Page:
Jackson won a Grammy for narrating the E.T. audio book, because of course he did.

Primary image courtesy of Sodahead.

Evening Standard/Stringer, Getty Images
60 Years Later, a Lost Stanley Kubrick Script Has Been Found
Evening Standard/Stringer, Getty Images
Evening Standard/Stringer, Getty Images

A “lost” screenplay co-written by famed filmmaker Stanley Kubrick has been found after 60 years, Vulture reports.

The screenplay is an adaptation of Stefan Zweig’s novella Burning Secret, which Vulture describes as a reverse Lolita (plot summary for those who forgot high school English class: a man enters a relationship with a woman because of his obsession with her 12-year-old daughter). In Burning Secret, a man befriends an adolescent boy in order to seduce his mother. Zweig’s other works have inspired films like Wes Anderson's The Grand Budapest Hotel (which the director claims he "stole" from Zweig's novels Beware of Pity and The Post-Office Girl).

Kubrick’s screenplay adaptation is co-written by novelist Calder Willingham and dated October 24, 1956. Although the screenplay bears a stamp from MGM’s screenwriting department, Nathan Abrams—the Bangor University professor who discovered the script—thinks it’s likely the studio found it too risqué for mass audiences.

“The child acts as an unwitting go-between for his mother and her would-be lover, making for a disturbing story with sexuality and child abuse churning beneath its surface,” Abrams told The Guardian. It's worth noting, however, that Kubrick directed an adaptation of Vladimir Nabokov's Lolita in 1962, which MGM distributed, and it was also met with a fair share of controversy.

Abrams said the screenplay for Burning Secret is complete enough that it could be created by filmmakers today. He noted that the discovery is particularly exciting because it confirms speculations Kubrick scholars have had for decades.

“Kubrick aficionados knew he wanted to do it, [but] no one ever thought it was completed,” Abrams told The Guardian.

The Guardian reports that Abrams found the screenplay while researching his book Eyes Wide Shut: Stanley Kubrick and the Making of His Final Film. The screenplay is owned by the family of one of Kubrick’s colleagues.

[h/t Vulture]

Kevork Djansezian/Getty Images for PCA
12 Surprising Facts About Robin Williams
Kevork Djansezian/Getty Images for PCA
Kevork Djansezian/Getty Images for PCA

Robin Williams had a larger-than-life personality. On screen and on stage, he embodied what he referred to as “hyper-comedy.” Offscreen, he was involved in humanitarian causes and raised three children—Zak, Zelda, and Cody. On July 16, HBO debuts the documentary Robin Williams: Come Inside My Mind, directed by Marina Zenovich. The film chronicles his rise on the L.A. and San Francisco stand-up comedy scenes during the 1970s, to his more dramatic roles in the 1980s and '90s in award-winning films like Dead Poets Society; Good Morning, Vietnam; Awakenings; The Fisher King; and Good Will Hunting. The film also focuses on August 11, 2014, the date of his untimely death. Here are 12 surprising facts about the beloved entertainer.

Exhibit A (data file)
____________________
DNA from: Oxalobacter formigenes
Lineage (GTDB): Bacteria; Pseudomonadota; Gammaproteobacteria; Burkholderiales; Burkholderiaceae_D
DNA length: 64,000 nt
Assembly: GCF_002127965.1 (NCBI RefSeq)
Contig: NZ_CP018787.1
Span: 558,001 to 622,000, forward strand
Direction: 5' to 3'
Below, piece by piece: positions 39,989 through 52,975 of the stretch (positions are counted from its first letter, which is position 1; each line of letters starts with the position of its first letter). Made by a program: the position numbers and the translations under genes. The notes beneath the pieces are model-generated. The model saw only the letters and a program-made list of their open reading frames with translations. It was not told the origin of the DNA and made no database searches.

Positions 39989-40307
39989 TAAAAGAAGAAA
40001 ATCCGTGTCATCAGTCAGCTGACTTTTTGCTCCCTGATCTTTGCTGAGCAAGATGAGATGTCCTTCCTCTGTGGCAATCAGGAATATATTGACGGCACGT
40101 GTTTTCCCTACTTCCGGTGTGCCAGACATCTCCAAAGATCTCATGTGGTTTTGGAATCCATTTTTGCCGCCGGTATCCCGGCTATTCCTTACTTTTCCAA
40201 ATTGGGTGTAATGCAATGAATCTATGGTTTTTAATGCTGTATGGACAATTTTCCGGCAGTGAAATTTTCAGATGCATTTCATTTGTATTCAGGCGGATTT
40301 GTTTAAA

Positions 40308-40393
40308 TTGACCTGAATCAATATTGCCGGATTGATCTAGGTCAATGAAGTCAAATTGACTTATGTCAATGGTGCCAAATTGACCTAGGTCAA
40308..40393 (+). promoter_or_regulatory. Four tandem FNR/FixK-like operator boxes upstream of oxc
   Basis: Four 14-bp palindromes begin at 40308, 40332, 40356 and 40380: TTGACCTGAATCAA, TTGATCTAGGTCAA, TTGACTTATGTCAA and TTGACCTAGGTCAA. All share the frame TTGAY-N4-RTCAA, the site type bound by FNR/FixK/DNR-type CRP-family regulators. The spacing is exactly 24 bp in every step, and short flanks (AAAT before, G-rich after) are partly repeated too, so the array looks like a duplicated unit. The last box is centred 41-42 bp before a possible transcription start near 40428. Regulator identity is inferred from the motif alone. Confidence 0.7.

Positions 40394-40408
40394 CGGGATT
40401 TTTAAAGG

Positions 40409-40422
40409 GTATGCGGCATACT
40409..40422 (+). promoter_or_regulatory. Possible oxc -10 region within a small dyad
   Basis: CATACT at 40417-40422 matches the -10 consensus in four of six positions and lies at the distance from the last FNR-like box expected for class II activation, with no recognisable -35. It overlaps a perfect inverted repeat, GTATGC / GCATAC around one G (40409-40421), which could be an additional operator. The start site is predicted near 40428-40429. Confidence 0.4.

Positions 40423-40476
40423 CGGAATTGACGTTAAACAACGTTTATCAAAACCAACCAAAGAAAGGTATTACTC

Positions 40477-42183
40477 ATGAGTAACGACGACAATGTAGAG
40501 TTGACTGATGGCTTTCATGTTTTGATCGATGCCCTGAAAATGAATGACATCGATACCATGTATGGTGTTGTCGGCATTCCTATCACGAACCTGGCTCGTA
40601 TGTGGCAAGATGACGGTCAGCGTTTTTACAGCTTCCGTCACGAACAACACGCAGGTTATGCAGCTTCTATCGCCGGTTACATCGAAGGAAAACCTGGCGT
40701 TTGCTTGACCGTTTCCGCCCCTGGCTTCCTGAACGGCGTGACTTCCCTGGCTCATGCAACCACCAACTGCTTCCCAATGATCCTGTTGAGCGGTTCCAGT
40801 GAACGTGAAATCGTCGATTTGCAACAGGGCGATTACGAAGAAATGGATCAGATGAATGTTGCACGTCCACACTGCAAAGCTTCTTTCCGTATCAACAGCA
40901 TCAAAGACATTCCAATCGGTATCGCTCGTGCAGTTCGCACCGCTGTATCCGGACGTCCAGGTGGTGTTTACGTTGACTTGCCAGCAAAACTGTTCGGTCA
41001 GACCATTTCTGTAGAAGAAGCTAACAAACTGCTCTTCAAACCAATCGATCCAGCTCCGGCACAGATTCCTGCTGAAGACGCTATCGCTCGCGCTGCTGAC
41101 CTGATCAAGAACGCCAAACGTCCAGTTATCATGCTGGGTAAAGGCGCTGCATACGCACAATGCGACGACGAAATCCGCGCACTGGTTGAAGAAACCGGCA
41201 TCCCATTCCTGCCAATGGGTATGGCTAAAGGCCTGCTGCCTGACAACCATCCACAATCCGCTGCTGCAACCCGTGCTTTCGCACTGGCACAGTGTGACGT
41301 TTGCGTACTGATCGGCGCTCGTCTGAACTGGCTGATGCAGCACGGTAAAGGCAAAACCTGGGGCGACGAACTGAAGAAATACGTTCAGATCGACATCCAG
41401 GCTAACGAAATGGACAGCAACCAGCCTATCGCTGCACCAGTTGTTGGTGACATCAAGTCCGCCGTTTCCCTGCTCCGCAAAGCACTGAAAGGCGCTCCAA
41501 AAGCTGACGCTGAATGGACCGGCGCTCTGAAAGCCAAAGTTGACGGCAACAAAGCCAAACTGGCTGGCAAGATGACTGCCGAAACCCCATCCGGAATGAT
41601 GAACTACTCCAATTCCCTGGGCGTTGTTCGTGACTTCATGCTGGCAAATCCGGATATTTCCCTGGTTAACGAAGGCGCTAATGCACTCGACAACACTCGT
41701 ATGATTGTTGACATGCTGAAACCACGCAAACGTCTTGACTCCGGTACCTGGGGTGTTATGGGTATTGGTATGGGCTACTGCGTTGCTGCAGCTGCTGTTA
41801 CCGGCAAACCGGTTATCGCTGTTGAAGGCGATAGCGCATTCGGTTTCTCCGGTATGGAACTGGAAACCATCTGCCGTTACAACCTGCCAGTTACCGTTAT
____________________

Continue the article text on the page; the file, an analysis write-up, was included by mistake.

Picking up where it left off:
A still from 'Robin Williams: Come Inside My Mind' (2018)

After leaving Juilliard, Robin Williams found himself back in his hometown of San Francisco, but he couldn’t find work as an actor. Then he saw something for a comedy workshop in a church and decided to give it a shot. “So I went to this workshop in the basement of a Lutheran church, and it was stand-up comedy, so you don’t get to improvise with others, but I started off doing, ostensibly, it was just like improvising but solo," he told NPR. "And then I started to realize, ‘Oh.’ [I started] building an act from there."


In 2001, Williams visited Koko the gorilla, who passed away in June, at The Gorilla Foundation in Northern California. Her caregivers had shown her one of his movies, and she seemed to recognize him. Koko repeatedly signed for Williams to tickle her. “We shared something extraordinary: laughter,” Williams said of the encounter. On the day Williams died, The Foundation shared the news with Koko and reported that she fell into sadness.


In 1974, photographer Daniel Sorine captured photos of two mimes in New York's Central Park. As it turned out, one of the mimes was Williams, who was attending Juilliard at the time. “What attracted me to Robin Williams and his fellow mime, Todd Oppenheimer, was an unusual amount of intensity, personality, and physical fluidity,” Sorine said. In 1991, Williams revisited the craft by playing Mime Jerry in Bobcat Goldthwait’s film Shakes the Clown. In the movie, Williams hilariously leads a how-to class in mime.


As a teen, Lisa Jakub played Robin Williams’s daughter Lydia Hillard in Mrs. Doubtfire. “When I was 14 years old, I went on location to film Mrs. Doubtfire for five months, and my high school was not happy,” Jakub wrote on her blog. “My job meant an increased workload for teachers, and they were not equipped to handle a ‘non-traditional’ student. So, during filming, they kicked me out.”

Sensing Jakub’s distress over the situation, Williams typed a letter and sent it to her school. “A student of her caliber and talent should be encouraged to go out in the world and learn through her work,” he wrote. “She should also be encouraged to return to the classroom when she’s done to share those experiences and motivate her classmates to soar to their own higher achievements … she is an asset to any classroom.”

Apparently, the school framed the letter but didn’t allow Jakub to return. “But here’s what matters from that story—Robin stood up for me,” Jakub wrote. “I was only 14, but I had already seen that I was in an industry that was full of back-stabbing. And it was entirely clear that Robin had my back.”